“There was a young girl standing there, probably 10 or 11 years old, and they were screaming at her,” Gromis recalled. “They were merciless, and she was traumatized. The police arrived and told the pirates to leave, which they did. But they came back later.
“Thankfully, it didn’t get violent, but people were scared.”
On other occasions, the event has been marred by the venomous verbal assaults, low-brow taunts and obnoxious behavior of candidates’ supporters and political bullies who seem to view their opponents as enemies.
Not satisfied with promoting their candidates, these shameless dolts – donning campaign shirts, hats and buttons – can be seen deliberately standing near their opponents’ booths and trying to disrupt the representatives’ interactions with people who stop by.
There also have been reports of these over-the-top supporters attempting to discourage people from approaching their opponents’ booths.
“I know we’ve become very polarized, but it’s shocking to hear how people talk to each other,” Gromis said. “Everything has become so adversarial.”
It should come as no surprise, then, that many of these people, including the candidates they support, no longer respect the rules, believing their cause justifies their boorish actions.
Gromis didn’t want to identify them, but she said two of the six remaining candidates for School Board seats blatantly disregarded the organizers’ rules prohibiting the posting of campaign signs along 14th Avenue – despite being told in advance to not do so.
“We didn’t want our venue blanketed with campaign signs,” Gromis said, explaining that organizers allowed signs to be posted only at the booths and at “bump outs” adjacent to 14th Avenue.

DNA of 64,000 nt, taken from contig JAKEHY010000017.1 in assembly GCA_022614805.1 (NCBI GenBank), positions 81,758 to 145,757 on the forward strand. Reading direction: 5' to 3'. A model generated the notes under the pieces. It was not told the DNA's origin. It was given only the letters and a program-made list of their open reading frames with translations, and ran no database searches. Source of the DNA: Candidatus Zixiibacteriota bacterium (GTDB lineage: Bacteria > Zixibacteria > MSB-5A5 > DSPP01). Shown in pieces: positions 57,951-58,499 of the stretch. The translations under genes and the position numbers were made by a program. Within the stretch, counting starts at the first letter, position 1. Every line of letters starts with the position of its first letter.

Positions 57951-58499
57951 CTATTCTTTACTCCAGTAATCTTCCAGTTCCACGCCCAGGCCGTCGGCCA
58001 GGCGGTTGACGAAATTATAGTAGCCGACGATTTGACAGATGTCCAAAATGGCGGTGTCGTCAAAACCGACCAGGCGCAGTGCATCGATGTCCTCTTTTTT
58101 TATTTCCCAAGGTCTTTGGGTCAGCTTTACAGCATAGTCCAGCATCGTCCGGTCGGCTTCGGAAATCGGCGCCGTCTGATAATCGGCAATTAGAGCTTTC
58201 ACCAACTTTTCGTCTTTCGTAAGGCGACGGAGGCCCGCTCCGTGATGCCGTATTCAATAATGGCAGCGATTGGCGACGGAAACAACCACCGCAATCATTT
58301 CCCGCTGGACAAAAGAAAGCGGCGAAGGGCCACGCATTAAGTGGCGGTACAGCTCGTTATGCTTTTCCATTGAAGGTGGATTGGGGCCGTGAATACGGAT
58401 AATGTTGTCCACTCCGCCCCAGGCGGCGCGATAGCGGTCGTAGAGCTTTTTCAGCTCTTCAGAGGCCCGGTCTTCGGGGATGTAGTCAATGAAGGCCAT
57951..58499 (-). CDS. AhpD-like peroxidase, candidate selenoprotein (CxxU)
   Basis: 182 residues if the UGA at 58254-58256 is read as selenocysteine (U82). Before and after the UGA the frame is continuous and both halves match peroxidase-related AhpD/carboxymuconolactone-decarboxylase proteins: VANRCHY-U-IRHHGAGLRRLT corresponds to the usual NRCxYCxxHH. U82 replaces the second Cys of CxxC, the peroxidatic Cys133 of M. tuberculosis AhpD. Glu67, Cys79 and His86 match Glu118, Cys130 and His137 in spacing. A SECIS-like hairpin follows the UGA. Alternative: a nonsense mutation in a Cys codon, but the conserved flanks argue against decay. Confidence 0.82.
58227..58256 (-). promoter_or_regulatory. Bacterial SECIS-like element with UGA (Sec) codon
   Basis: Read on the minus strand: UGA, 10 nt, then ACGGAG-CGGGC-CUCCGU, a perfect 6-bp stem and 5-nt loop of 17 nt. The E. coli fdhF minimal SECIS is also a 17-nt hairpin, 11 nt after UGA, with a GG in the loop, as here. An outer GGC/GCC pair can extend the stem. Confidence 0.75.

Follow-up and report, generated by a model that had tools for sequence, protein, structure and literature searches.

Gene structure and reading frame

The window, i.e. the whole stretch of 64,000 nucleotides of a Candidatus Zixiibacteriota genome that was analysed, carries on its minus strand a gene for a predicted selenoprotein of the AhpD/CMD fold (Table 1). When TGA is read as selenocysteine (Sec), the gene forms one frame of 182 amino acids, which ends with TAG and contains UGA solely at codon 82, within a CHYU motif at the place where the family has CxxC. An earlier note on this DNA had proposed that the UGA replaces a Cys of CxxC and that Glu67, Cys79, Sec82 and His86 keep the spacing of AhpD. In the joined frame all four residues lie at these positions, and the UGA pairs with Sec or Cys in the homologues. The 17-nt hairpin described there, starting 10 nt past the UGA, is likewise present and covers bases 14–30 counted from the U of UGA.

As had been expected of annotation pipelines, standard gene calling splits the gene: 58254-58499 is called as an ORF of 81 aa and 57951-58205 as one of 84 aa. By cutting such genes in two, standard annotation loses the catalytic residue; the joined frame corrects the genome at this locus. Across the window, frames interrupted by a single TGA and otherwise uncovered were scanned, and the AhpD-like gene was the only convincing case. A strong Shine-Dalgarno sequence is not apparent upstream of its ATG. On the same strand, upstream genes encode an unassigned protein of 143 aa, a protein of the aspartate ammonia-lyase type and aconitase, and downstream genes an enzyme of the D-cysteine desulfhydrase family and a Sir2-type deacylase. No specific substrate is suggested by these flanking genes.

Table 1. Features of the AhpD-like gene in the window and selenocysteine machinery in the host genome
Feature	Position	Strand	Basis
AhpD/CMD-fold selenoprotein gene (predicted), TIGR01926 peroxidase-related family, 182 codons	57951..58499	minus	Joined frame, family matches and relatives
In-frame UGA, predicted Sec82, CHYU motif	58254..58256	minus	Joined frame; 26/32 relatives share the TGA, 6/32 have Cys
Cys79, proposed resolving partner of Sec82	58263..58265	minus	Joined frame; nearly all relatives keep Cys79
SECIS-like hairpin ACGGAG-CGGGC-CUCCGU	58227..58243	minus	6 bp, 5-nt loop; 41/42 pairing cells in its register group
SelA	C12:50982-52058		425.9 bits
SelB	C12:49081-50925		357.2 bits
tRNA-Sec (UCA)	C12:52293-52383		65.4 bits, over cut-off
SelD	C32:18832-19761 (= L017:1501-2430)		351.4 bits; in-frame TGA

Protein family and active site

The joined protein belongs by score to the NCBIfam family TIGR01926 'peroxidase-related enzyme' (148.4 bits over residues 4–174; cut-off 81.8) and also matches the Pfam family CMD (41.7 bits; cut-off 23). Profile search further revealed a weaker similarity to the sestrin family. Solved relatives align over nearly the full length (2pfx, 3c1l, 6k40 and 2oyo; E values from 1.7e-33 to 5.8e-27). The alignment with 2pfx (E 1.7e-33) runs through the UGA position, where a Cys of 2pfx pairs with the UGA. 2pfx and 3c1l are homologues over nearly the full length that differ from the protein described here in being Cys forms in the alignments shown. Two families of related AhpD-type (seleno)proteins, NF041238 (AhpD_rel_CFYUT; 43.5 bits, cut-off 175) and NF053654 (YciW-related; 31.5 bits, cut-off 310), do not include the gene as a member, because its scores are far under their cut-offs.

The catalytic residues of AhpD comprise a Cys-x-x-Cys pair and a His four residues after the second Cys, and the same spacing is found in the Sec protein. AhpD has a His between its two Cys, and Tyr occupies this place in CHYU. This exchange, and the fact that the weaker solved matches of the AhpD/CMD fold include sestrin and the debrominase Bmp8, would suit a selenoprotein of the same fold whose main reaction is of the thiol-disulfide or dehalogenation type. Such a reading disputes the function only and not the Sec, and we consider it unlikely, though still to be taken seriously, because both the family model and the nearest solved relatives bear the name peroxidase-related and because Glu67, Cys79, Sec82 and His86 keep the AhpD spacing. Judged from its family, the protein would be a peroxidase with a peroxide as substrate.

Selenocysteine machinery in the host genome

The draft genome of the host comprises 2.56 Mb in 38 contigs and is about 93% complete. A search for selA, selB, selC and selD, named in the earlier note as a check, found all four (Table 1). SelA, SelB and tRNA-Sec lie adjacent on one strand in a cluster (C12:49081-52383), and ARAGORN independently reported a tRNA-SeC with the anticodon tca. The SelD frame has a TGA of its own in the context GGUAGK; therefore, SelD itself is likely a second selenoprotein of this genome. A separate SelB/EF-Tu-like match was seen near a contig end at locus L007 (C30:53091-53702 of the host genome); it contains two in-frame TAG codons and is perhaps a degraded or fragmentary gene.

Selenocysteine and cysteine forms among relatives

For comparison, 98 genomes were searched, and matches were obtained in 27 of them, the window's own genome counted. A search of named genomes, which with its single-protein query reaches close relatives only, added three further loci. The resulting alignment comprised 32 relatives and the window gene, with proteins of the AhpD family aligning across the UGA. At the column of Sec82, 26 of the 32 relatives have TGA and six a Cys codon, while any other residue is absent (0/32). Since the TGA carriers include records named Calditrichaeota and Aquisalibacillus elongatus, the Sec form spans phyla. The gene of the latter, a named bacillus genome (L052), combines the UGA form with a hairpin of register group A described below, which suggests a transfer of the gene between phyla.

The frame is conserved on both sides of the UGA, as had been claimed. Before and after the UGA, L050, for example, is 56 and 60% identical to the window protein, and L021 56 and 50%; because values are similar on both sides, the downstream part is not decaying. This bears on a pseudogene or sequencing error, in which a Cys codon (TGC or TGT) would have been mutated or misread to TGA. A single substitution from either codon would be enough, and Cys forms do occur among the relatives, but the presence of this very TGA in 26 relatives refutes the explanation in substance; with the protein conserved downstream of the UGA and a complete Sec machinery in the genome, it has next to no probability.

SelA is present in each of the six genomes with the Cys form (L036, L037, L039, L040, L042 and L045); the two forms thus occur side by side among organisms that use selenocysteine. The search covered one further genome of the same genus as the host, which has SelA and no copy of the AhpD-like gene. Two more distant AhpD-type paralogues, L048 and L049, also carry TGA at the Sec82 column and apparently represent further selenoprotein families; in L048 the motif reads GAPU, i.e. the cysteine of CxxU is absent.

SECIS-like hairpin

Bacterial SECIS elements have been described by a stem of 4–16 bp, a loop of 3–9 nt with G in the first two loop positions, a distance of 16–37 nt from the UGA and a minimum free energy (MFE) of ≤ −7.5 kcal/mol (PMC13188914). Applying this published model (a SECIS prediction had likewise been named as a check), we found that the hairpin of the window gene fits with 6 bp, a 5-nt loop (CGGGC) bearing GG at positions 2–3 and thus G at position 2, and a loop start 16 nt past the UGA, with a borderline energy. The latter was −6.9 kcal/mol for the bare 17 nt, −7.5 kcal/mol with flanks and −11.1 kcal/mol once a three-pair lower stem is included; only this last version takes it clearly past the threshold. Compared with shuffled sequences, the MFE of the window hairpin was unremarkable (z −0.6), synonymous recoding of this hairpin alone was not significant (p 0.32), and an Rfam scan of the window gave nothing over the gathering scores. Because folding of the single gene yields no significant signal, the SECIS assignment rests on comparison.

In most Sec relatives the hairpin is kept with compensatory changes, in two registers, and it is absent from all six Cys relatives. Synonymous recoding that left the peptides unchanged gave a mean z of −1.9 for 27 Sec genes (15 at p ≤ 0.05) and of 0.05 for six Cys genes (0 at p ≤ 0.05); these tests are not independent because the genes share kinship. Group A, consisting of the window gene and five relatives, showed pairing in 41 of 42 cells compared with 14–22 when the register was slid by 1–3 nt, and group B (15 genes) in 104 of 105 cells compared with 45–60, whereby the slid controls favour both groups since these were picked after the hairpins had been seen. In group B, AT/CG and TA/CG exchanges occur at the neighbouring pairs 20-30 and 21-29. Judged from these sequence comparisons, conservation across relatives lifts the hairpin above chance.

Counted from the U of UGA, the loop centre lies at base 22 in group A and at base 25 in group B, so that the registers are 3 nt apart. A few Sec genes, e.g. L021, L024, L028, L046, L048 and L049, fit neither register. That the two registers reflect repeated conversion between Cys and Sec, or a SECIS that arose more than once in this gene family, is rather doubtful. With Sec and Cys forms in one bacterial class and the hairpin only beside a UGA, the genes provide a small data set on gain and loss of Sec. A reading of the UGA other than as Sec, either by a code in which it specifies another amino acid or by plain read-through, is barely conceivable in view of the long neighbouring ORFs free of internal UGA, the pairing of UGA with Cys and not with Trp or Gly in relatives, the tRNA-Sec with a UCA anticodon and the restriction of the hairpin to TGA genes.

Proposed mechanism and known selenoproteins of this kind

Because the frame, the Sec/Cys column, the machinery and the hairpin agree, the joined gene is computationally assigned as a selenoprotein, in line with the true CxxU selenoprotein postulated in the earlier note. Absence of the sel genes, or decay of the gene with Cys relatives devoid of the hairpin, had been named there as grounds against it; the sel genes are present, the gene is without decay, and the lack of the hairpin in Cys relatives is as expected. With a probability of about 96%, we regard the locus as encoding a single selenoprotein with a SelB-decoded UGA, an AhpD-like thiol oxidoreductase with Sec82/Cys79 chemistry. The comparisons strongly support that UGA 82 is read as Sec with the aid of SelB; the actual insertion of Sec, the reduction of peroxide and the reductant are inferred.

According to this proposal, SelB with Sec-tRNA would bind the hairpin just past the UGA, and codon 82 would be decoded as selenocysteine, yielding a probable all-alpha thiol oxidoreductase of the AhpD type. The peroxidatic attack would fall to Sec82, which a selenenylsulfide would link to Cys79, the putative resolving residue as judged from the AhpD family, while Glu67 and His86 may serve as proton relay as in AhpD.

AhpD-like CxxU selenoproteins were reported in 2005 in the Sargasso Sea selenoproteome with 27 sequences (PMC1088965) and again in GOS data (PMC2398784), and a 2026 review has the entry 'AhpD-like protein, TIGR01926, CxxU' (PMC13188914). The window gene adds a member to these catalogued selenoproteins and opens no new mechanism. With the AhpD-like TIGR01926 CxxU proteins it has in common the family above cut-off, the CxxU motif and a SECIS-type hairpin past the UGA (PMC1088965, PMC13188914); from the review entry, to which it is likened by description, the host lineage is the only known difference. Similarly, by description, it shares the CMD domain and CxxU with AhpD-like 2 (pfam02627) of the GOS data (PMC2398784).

The rogue candidates didn’t care.
“This is not something we wanted to do, and not everybody is going to be happy about it,” Gromis said of banning the political booths from Downtown Friday. “I’m sure we’re going to have some people say this is the wrong decision.
“But based on what has happened at our venue during this election season, I believe in my heart this is the right thing to do,” she added. “We’ve had several incidents and too many people who broke the rules, even after being warned.
“We had to do something.”
Gromis doesn’t expect the Downtown Friday politicking to stop, though, especially with the likelihood of one School Board race – and the possibility of one County Commission race – going to a November runoff.
There’s also the governor’s race, which undoubtedly will spark fierce campaigning from local Republicans and Democrats at public gatherings, including Downtown Friday.
“Even before this happened, we had candidates who opted to not pay to have a booth, then sent out their supporters, who were wearing their campaign shirts or holding their signs, walking around and sometimes standing near their opponents’ booths,” Gromis said.
“We can’t monitor or restrict what people wear, other than to prohibit profanity or the illusion of profanity,” she added, “so I expect they’ll still be out there.”
In the meantime, Gromis said she and the board want to make the Downtown Friday events more about celebrating our community and less about campaigning for local elections.
One possibility she mentioned was to introduce more activities for children.
“We want people to come out and have fun,” Gromis said. “That’s what Downtown Friday is all about. It was never supposed to be about politics, but we were in the political season and I wanted to prove we could get through it without bloodshed.
“Well, we did – but not without controversy.”